»The song itself is about a brokenhearted girl giving back to her boyfriend all of the mementos of their love-gone-bad. On stage I would use a large teddy as a prop. I sang a line about giving back the stuffed animal that had been won at the state fair. When I came to that line, someone would have hand me the teddy bear from the wings. Then I would throw it back when I would reach the line telling the boyfriend to come and get it.« (M. Reeves, Dancing in the Street, p. 66)
The ones responsible at Motown, ever shrewd when it came to promoting their acts, immediately recognized the potential of this prop and saw to it that Martha & The Vandellas were to be shown only with a teddy appearing somewhere. And it took more than one teddy to ensure that:

Let me add that apart from the teddy gimmick (which later was used by several other labels, see for example this ad from 1968), Motown had thought of yet another trick of highlighting the charms of the Vandellas. For their stage shows they were given white gloves, and these gloves »... glowed in purple light when we sang 'come on and get it'« (Martha Reeves). Thus the gloves became another recognition sign of the Vandellas and were pictured in a number of Motown ads (click for examples here and here). Without doubt, Motown was already in 1963 at the forefront of what publicity could achieve in the music business and this, nothwithstanding the good sound they were producing, was part of their success. And so it was not Michael Jackson (another Motown disciple) who had invented the »glowing glove«.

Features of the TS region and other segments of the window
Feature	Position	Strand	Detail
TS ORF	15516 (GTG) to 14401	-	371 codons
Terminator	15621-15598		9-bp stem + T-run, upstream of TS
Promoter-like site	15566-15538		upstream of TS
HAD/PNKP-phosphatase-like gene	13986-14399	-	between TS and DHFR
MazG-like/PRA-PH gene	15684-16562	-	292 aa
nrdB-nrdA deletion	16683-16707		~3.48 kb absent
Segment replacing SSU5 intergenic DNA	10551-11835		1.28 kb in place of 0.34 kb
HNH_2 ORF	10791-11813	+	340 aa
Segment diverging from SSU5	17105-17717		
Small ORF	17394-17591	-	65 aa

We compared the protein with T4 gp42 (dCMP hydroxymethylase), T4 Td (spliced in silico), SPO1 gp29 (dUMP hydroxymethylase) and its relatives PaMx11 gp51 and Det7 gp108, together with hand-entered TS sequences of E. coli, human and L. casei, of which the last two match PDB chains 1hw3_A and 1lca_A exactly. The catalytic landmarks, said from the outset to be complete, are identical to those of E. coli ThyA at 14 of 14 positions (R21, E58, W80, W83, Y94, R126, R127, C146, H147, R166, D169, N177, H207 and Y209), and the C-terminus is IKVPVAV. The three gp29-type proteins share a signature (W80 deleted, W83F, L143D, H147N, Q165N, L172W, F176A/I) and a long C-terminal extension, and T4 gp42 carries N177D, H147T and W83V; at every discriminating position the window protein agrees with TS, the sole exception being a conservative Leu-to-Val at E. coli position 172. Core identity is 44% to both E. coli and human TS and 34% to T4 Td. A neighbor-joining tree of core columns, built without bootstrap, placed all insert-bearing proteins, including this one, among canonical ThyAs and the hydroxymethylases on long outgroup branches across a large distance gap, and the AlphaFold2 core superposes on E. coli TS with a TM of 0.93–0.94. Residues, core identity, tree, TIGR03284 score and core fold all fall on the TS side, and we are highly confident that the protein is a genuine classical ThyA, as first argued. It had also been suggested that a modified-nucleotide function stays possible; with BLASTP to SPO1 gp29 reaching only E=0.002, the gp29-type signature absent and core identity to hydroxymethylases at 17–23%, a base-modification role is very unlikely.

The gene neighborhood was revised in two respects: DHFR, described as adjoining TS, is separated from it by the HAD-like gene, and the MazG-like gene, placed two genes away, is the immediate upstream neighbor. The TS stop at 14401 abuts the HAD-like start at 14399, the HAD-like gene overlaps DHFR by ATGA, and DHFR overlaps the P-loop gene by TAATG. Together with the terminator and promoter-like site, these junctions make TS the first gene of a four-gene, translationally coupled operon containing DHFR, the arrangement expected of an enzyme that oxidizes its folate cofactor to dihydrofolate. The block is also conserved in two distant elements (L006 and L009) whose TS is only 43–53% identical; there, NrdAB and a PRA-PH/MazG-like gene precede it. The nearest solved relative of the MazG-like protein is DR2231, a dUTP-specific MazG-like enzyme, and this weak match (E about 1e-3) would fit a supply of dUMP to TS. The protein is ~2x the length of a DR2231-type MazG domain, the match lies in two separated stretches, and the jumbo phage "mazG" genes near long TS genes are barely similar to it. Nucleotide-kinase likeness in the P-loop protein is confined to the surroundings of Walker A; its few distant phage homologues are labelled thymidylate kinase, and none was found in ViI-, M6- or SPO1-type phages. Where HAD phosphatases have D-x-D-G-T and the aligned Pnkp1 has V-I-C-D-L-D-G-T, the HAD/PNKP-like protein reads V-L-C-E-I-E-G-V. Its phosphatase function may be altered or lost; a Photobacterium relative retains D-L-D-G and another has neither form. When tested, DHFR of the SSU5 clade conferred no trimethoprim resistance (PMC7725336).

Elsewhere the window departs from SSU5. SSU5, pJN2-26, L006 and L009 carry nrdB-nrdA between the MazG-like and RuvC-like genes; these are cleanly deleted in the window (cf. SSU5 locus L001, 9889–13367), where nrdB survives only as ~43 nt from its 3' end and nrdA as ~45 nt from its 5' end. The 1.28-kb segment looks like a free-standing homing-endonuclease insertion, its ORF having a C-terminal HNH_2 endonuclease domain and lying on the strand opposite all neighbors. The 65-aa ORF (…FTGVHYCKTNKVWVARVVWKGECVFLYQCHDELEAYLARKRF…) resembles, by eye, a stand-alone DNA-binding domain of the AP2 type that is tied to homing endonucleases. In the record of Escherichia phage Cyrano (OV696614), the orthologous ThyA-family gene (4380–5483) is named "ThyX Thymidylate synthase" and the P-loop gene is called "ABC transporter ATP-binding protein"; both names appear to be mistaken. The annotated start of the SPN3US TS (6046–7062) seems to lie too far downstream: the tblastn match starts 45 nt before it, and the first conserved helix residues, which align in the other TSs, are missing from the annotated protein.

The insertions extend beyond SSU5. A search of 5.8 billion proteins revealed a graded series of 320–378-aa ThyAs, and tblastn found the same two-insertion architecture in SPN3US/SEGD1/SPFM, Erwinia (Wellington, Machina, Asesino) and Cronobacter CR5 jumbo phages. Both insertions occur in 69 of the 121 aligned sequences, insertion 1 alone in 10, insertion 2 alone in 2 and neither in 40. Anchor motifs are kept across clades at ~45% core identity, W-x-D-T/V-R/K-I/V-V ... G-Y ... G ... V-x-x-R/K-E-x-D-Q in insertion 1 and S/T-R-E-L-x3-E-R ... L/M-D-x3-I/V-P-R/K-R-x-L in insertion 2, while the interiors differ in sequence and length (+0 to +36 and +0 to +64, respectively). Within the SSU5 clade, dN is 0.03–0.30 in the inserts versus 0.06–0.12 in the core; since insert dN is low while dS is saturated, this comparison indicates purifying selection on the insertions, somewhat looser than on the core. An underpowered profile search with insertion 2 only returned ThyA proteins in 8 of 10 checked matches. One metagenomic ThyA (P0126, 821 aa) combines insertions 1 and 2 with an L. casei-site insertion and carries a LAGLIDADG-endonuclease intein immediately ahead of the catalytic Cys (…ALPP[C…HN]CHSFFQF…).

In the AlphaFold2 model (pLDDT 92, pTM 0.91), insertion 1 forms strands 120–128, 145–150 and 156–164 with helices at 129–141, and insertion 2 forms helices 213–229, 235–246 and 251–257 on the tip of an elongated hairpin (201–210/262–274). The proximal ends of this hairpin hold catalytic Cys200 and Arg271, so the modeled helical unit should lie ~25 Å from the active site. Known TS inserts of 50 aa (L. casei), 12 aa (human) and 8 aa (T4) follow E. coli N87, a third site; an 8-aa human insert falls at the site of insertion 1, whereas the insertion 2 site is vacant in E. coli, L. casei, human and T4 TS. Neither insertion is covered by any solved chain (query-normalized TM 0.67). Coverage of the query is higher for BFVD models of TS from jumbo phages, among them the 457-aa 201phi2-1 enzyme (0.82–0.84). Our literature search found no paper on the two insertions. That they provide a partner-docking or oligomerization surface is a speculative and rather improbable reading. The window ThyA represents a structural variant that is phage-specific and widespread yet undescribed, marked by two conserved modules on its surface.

* * *
Finally some words about the album »Come And Get These Memories«. Martha Reeves in her Memoirs said the following about this her first LP:
»In the first couple months after Christmas, the Vandellas and I completed work on our debut album ... Our first album reflected the kind of music that was popular during that era. It included our cover versions of a couple of popular hits like Little Anthony & The Imperials' "Tears on My Pillow," Andy Williams's "Can't Get Used to Losing You," and a new version of "There He Is (at My Door)" on which I sang lead. The Come and Get These Memories album was not very successful on the charts when it was released ... Original copies of our Come and Get These Memories LP are now considered collector's items. The last one I saw in a record shop was priced at several hundred dollars« (Reeves, Dancing in the Street, p. 80).
But, as it goes with debut albums, the Vandellas had not yet found their later style and their future »nitty gritty image« which came with »Heat Wave«, »Dancing In The Street« and several other tunes all classics today. Richie Unterberger is therefore right when, in the All Music Guide to Soul, he put the Vandellas' first album in its proper historic perspective (p. 445): »Their debut album finds the Vandellas in a more limelight and pop- oriented style ..., with some girl group and doo-wop roots still in evidence.« And there is no better evidence for the girl group sound we find on this LP than the song »There He Is (At My Door)«. I personally think it is one of the best of the entire album, and it gains further significance for the fact that it belongs to the earliest recordings of Martha & The Vandellas, recorded back in August 1962 and actually still before they were known officially as »Vandellas«: